Survey: SMBs Looking to Hire in 2009

Small-business owners are still looking for staff despite a poor economic client, but are they willing to pay top dollar for top talent?

For the second time in as many months, a survey of small to medium-size business owners suggests that, despite woeful economic conditions, midmarket companies are still looking to take on new staff in the new year.
Entrex, a Chicago firm that markets information on privately held companies, released the results of its annual Private Company Index CEO Sentiment Survey for the upcoming year. The survey found 72 percent of CEOs plan to increase the number of full-time employees in the coming year.
Despite all the news regarding staff reductions, the remainder of the survey respondents indicated they will maintain the current number of full-time employees, suggesting zero CEOs have plans to decrease employment size in 2009. A lackluster holiday season may yet temper these encouraging findings, but the industry sectors represented by survey respondents are broad (including technology, entertainment, health care, telecom, hospitality, retail, manufacturing and business services), suggesting SMB owners are generally optimistic about 2009.
This could potentially bring welcome relief from the current period where, according to the Bureau of Labor and Statistics, the unemployment rate has risen 1.7 percent since December 2007 and represents 2.7 million new unemployed Americans. "Obviously, it's great that people can expect this sector of midmarket private companies to promote job stability, hire and increase employment," said Entrex CEO Stephen Watkins.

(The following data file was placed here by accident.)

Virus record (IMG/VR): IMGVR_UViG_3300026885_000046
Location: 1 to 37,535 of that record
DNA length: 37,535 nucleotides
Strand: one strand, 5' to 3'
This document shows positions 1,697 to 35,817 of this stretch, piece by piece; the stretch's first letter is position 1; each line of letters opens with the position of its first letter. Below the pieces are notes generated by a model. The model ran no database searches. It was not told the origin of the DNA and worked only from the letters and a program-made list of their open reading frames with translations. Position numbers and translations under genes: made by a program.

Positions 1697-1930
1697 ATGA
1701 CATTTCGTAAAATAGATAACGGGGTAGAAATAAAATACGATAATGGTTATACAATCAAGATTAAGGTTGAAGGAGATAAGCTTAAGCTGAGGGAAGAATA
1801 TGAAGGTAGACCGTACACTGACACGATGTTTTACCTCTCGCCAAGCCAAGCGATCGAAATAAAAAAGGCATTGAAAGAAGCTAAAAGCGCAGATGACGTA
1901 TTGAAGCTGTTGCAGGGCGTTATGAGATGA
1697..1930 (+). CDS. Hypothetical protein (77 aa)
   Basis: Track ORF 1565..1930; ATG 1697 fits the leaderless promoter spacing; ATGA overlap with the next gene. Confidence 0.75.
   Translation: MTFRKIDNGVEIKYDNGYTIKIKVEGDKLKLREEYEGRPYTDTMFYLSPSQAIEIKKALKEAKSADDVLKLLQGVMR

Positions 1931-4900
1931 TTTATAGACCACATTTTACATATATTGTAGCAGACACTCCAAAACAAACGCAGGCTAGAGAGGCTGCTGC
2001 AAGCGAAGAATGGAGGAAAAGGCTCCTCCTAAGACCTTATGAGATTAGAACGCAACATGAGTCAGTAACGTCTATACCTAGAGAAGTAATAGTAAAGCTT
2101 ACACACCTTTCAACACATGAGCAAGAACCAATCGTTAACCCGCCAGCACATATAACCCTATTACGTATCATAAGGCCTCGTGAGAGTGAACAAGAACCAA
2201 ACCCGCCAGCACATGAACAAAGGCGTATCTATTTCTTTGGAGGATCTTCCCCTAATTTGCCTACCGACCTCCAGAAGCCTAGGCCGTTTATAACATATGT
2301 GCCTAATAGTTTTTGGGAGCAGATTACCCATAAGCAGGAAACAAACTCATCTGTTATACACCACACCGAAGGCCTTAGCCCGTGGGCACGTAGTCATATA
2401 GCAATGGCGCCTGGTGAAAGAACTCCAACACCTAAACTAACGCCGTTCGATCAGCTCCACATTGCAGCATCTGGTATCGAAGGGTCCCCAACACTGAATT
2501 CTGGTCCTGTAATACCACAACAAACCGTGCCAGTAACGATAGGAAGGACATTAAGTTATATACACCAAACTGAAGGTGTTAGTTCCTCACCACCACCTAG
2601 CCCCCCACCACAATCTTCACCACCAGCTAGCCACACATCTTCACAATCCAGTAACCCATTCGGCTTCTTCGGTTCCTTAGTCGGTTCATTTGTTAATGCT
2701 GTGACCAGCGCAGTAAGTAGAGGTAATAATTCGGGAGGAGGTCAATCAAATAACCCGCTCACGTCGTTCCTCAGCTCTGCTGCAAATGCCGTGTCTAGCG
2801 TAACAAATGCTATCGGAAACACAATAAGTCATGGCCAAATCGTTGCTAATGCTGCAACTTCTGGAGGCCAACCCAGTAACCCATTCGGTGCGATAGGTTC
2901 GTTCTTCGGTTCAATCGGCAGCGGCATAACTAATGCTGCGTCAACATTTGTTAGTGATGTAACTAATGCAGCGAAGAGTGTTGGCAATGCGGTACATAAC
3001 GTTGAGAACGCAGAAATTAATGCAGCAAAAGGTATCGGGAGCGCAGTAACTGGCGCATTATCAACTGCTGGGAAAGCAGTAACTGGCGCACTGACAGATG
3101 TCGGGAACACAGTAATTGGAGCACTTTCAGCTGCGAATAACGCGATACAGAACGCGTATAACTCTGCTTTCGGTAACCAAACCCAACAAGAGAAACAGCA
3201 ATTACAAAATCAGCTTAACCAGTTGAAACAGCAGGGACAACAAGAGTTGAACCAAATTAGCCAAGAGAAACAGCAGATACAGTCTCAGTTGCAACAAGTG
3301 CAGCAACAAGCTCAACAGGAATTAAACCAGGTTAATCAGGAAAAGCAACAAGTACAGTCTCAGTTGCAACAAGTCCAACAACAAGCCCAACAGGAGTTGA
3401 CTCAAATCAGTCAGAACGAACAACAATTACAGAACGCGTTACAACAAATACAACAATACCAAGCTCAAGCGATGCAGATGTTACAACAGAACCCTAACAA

Watkins said he thinks this data should be taken as a positive barometer reading because, historically, all increases in employment have been fruitful to both individual Americans and for the overall productivity of the U.S. economy. However, the survey does not include what may turn out to be an important indicator of whether businesses are really focused on hiring in 2009.
"What this particular survey doesn't reveal is the past employment data patterns of these companies," he said. "Because of this, we aren't able to make broad conclusions about the overall effect on numbers of employed Americans, say compared to employment levels in Q1 2008."
Earlier in December, a report from Glenview, Ill.-based SurePayroll suggested SMBs are still hiring despite the sluggish economy. In the survey, which interviewed 214 small-business owners in the final week of November, 43 percent said the down economy is not negatively impacting their businesses.
While SMBs are reporting employment gains, however small, the salaries connected to those positions are shrinking. SurePayroll's survey found salaries declined by 0.39 percent in November, which matches the previous month's percentage decline. The number of jobs lost in America this year has produced a buyer's market for human capital, which allows employers to hire talent for less money. So while SMB owners may be looking for new talent in search of a home, don't expect to see many paying top dollar for equivalent talent.